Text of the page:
London was amazing.  We really only had one full day there (so much for the “3 Day London Stopover” that AIFS boasts about) but we tried to see as much as we possibly could and were actually able to cover some serious ground.  I also made sure to have fish and chips while I was there (a typical English dish, apparently).  It was really good…I took a picture, so you can see for yourself soon. 

Our flight for Pisa was at 8:10 in the morning, which meant we left our hotel in London at 4:15 in the morning (and yes, it was painful).  After landing in Pisa, a bus took us to straight to Lido di Camaoire where we checked into our hotel (sorry Mike…these hotels were prepaid.  I promise I will have good hostel stories for you as soon as I start traveling).  Our hotel is right across the street from the beach with a beautiful little courtyard where you can sit underneath the trees and read a good book.  Although our bedspreads reek of mildew and our shower floods the bathroom every time we use it, I couldn’t be happier!  Anyway, after arriving here the first day, we were treated to a delicious three-course Italian dinner at a nearby restaurant on the boardwalk.  Words cannot even begin to describe how gorgeous it is here.  Again, pictures will be coming soon. 

Yesterday we began our Italian language class located in a rustic old building covered in Italian graffiti down the street from our hotel.  For the first time ever, I am actually really excited to study this language.  I never felt that way when I was studying Spanish all those years in high school and even into college…maybe because it was never as much a necessity to learn it as it is for me to learn Italian now.  Lido di Camaiore is a beach town near Firenze (about an hour away) that is frequented mostly by local Italian families–in other words, not many people hear speak English–unlike in Firenze, where almost everyone speaks it.  One of the reasons we are living here for three weeks before we go to Firenze is because they want us to get as familiar with the language as we possibly can and unfortunately, we will not have as many opportunities to speak Italian with locals in Firenze because of the number of tourists and American students there.  Needless to say, it has been challenging…but it is really motivating me to crack down on my studies of this language!  I walked up and down the boardwalk this afternoon by myself for 30 minutes trying to work up the nerve to go in to one of the cafés and order a cup of coffee (“Vorrei un caffè, per favore?”).  Instead, I ended up sweaty and thirsty…I’m not quite there yet 🙂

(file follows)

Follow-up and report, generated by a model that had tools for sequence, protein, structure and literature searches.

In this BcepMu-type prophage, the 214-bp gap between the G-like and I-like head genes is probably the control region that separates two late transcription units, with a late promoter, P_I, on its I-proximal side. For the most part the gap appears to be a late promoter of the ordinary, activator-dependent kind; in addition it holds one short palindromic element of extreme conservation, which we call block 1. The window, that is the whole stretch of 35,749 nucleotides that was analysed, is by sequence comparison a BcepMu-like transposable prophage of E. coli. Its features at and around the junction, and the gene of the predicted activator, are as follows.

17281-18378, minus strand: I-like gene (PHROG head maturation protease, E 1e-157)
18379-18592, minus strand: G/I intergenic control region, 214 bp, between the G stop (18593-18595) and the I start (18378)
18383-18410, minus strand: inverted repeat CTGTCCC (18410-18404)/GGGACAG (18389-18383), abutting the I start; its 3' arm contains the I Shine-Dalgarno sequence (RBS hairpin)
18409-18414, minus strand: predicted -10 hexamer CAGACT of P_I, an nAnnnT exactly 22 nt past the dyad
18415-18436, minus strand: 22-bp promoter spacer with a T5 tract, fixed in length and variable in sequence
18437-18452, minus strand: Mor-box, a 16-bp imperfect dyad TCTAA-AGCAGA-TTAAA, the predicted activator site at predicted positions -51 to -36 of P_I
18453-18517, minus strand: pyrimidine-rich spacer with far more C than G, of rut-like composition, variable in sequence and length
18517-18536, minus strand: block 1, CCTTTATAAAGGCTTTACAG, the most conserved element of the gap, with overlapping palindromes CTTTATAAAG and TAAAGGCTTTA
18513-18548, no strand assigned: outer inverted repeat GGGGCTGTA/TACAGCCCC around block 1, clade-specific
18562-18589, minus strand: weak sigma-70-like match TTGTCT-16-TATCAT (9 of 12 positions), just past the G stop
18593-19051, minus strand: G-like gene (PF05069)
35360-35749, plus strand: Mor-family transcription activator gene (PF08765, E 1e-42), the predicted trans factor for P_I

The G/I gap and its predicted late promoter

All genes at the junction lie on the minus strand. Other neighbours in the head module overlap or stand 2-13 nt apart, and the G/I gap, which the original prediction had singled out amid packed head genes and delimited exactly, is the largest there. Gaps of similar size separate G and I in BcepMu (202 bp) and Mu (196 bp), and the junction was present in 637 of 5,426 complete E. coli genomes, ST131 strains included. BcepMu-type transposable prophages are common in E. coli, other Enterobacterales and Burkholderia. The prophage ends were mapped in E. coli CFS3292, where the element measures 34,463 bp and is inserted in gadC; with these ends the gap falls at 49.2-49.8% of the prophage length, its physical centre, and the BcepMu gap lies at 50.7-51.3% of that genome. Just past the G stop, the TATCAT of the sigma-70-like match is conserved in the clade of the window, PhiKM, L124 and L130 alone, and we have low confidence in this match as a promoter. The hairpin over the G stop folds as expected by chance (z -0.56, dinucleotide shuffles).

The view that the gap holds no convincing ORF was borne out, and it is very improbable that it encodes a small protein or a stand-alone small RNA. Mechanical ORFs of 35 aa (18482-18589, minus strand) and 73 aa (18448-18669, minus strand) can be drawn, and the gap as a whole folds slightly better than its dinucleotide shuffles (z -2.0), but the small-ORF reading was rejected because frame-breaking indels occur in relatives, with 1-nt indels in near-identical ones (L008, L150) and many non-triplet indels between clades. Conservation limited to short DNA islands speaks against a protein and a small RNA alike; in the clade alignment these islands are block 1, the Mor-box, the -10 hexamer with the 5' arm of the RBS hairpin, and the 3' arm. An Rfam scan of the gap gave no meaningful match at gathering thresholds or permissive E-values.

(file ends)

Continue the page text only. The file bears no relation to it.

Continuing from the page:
I signed up for a few of the different field trips and activities the Richmond staff has planned for us over the next three weeks.  I will be doing a variety of awesome things from wine tastings, to a hike through Cinque Terre (a series of five fisherman villages located in the beautiful hills of Tuscany), and of course a visit to Pisa to see the famous Leaning Tower where I of course plan on having my picture taken as I try with all my might to hold it up.  You all know the picture I’m talking about.  Maybe all my weight lifting will pay off because I have a feeling that if I let the tower fall, people may be pissed.   HA!  Sorry, it was funnier in my head…I know Mom’s laughing right now 🙂

Next Tuesday I will find out who my host family is!  I can’t wait and for all of you who know how worried I was about living with an Italian family given my limited knowledge of the language (and when I say limited, I mean I knew nothing before I got here besides how to say my name), I’m SO happy I chose to do it anyway.  Living in student apartments would have been very similar to living on-campus at USF…and we all know how much I thoroughly enjoyed that–NOT.  Needless to say, I know it will still be quite a challenge at first, but a couple members of the Richmond staff have assured me that all the families are extremely nice and that I will get along just fine.  Plus, I know it will do wonders for my Italian.